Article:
Vulcan B.Mk 2 XM597, stationed at Wideawake Airfield, Ascension Island, during the Falklands campaign of 1982. This aircraft was used on both Black Buck anti-radar attacks and made an emergency landing in Brazil after a raid on the night of 2/3 June.
Vulcan B.Mk 2 XM607 was one of the aircraft involved in the first of the Black Buck raids against Port Stanley airfield, flown on 1 May 1982, and armed with 21 1000lb (454kg) bombs.
Most successful of Britain’s three V-bombers, the Vulcan enjoyed an impressively long service career, starting out as a high-level strategic nuclear bomber and later going into combat as a conventional bomber during the Falklands campaign.
The Vulcan was one of the results of the United Kingdom’s Specification B.14/46, which called for a bomber capable of striking a target at a range of 2735km (1700 miles) carrying a nuclear weapon weighing 4536kg (10,000lb), and offering a cruising altitude of 12,190m (40,000ft) and a full-load range of 6437km (4000 miles). This specification was later revised to become B.35/46, which led to the development of the three V-bombers: the Avro Vulcan, the Handley Page Victor and the Vickers Valiant.
In its initial prototype guise, the Vulcan employed a wing planform that was an almost perfect triangle. In this distinctive form, the aircraft completed its maiden flight in August 1952, and was flown with Rolls-Royce Avon, Armstrong Siddeley Sapphire and finally Rolls-Royce Conway engines. Since the delta wing marked a new departure, a series of Type 707 one-third scale research aircraft had been completed beforehand to test the concept. It would be another 30 years after its first flight before the delta-winged bomber first saw combat over the South Atlantic, in what were then the longest bombing raids ever staged.
After completion of two prototypes, the Vulcan B.M 1 entered RAF service in February 1957. This version had a modified wing of 330m2 (3554 sq ft) area with the inboard sections accommodating the four Bristol Olympus 101 engines, each developing 48.93kN (11,000lb) of thrust. Compared to the prototypes, the overall planform of the definitive production aircraft was modified with reduced wing sweep from the root to the mid-point, the result being a kinked leading edge. As production progressed, more powerful Olympus Mk 102 or Mk 104 engines were installed. In 1961, aircraft were modified with electronic countermeasures (ECM) equipment in a modified tailcone, becoming the B.Mk 1A aircraft.
Deliveries of the B.Mk 1 amounted to 45 before production switched to 89 of the much-improved B.Mk 2 variant. The Mk 2 was entirely re-engineered and its most prominent feature was a much larger but thinner wing, with cranked and cambered leading edge, housing more powerful Olympus engines. Other changes included elevons replacing the B.Mk 1’s ailerons and elevators, and an inflight refuelling probe. The Vulcan B.Mk 2 entered service in July 1960 and was initially employed in a high-altitude role. The definitive Vulcan B.Mk 2A added the capability to carry a single Blue Steel standoff missile. As the final B.Mk 2 was delivered, almost all the remaining B.Mk 1s had been withdrawn from use.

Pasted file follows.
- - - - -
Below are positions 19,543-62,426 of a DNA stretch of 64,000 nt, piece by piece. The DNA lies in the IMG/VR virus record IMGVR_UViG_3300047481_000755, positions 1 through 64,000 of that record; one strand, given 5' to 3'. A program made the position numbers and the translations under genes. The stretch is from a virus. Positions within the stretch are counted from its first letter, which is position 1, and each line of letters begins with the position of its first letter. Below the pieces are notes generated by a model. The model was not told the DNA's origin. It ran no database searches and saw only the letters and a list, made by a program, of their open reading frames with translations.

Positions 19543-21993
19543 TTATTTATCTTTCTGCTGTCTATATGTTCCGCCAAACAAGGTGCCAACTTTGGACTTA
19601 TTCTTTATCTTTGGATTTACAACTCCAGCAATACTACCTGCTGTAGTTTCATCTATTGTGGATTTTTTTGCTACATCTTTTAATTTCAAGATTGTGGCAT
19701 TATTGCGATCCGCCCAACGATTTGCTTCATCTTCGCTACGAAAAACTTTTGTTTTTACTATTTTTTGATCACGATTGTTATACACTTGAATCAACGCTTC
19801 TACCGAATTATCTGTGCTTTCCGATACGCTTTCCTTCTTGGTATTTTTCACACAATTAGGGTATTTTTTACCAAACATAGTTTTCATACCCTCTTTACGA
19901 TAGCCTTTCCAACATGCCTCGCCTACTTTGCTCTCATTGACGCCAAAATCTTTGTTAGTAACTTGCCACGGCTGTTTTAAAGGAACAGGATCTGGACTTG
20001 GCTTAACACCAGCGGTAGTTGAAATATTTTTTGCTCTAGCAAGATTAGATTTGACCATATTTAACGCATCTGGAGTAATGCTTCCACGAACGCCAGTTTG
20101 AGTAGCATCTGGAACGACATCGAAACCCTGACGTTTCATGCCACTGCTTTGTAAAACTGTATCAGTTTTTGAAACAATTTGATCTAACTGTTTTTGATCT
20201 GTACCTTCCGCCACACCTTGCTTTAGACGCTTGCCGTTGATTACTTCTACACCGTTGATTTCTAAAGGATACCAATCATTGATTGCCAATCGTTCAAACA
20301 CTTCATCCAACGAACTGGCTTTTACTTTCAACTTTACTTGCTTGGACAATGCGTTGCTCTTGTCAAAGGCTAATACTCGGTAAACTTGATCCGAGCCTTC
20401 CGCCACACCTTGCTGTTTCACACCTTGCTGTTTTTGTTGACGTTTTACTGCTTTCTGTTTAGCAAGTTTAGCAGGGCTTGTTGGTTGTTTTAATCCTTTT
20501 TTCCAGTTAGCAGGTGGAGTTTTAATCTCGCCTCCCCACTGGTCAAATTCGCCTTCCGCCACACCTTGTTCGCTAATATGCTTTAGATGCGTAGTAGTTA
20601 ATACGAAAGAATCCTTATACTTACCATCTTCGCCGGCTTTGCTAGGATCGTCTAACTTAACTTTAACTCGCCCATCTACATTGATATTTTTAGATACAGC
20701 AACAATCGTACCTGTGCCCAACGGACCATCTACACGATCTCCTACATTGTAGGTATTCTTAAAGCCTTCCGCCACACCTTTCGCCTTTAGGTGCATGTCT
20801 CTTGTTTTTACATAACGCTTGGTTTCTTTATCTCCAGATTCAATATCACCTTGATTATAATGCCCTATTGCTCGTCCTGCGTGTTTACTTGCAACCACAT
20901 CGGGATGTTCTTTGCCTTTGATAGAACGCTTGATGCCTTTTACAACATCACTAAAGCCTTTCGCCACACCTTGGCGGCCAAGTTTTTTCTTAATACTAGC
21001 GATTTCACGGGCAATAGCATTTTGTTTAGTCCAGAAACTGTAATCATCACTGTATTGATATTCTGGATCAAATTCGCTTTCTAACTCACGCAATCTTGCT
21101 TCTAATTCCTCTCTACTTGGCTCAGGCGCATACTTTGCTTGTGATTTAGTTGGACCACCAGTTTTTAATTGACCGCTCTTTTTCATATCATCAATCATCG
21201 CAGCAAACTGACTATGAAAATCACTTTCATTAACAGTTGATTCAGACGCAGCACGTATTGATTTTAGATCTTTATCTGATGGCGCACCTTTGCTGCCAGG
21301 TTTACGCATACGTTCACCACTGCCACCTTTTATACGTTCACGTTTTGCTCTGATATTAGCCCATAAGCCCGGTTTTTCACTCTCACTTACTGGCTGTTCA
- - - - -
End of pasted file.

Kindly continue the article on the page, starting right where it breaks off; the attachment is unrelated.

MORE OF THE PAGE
In 1966 the Blue Steel was also withdrawn from service as the appearance of new surface-to-air missiles prompted a switch to low-level operations, for which a terrain-following radar was added in a nose fairing. At the same time, the ECM fit was appropriately upgraded. In 1962 the B.Mk 2 was re-engined with 88.96kN (20,000lb) Olympus 301 engines. Total production of the B.Mk 2 amounted to 89 aircraft, for a grand total of 134 Vulcans of both marks.
In the early 1980s it became apparent that the Vulcan’s fatigue life was running low, as a result of the low-level focus. However, it was decided that the cost of extending the service life of the remaining aircraft was too great. It was decided to withdraw the Vulcan force between June 1981 and June 1982.
Falkland Islands Swansong
The Vulcan force was mid-way through being wound down when, in April 1982, Argentine forces invaded the Falklands in the South Atlantic. By now the Vulcan had lost its inflight refuelling capability, and a search was begun for refuelling probes with which to equip the remaining bombers, in order to stage an attack on the Falklands from Ascension Island. Six aircraft were converted as Vulcan K.Mk 2 tankers, with a hose and drogue unit in the rear ECM bay and extra fuel in the bomb bay, while others were equipped for the carriage of conventional bombs, new navigation systems, refuelling probes and underwing pylons for AN/ALQ-101 electronic countermeasures pods and AGM-45 Shrike anti-radar missiles.
In the course of round trips exceeding 12,870km (8000 miles), and under the codename Black Buck, the Vulcans bombed the occupied Port Stanley airfield and related radar installations in the Falklands, putting the runway out of action. The last Vulcans to bow out of service were the K.Mk 2 tankers, finally retired in March 1984.
Towards the end of the type’s career, nine aircraft were modified for the Strategic Maritime Radar Reconnaissance (MRR role) as Vulcan B.Mk 2MRR aircraft. Conversions were made in 1973 and the aircraft were outfitted with an array of classified electronic, optical and other sensors, as well as additional fuel in the bomb bay. The aircraft were operated by RAF Scampton-based No.27 Squadron from November 1973 to May 1982, assuming the role from Victor B.Mk 2(SR) aircraft of No.543 Squadron that were in turn converted as inflight refuelling tankers. Compared to the standard Vulcan bomber, the B.Mk 2MRR received LORAN-C navigation equipment and the terrain-following radar thimble was removed from the nose. Air-sampling pods could be fitted below the wings for testing the air for contamination, such as dust from nuclear tests.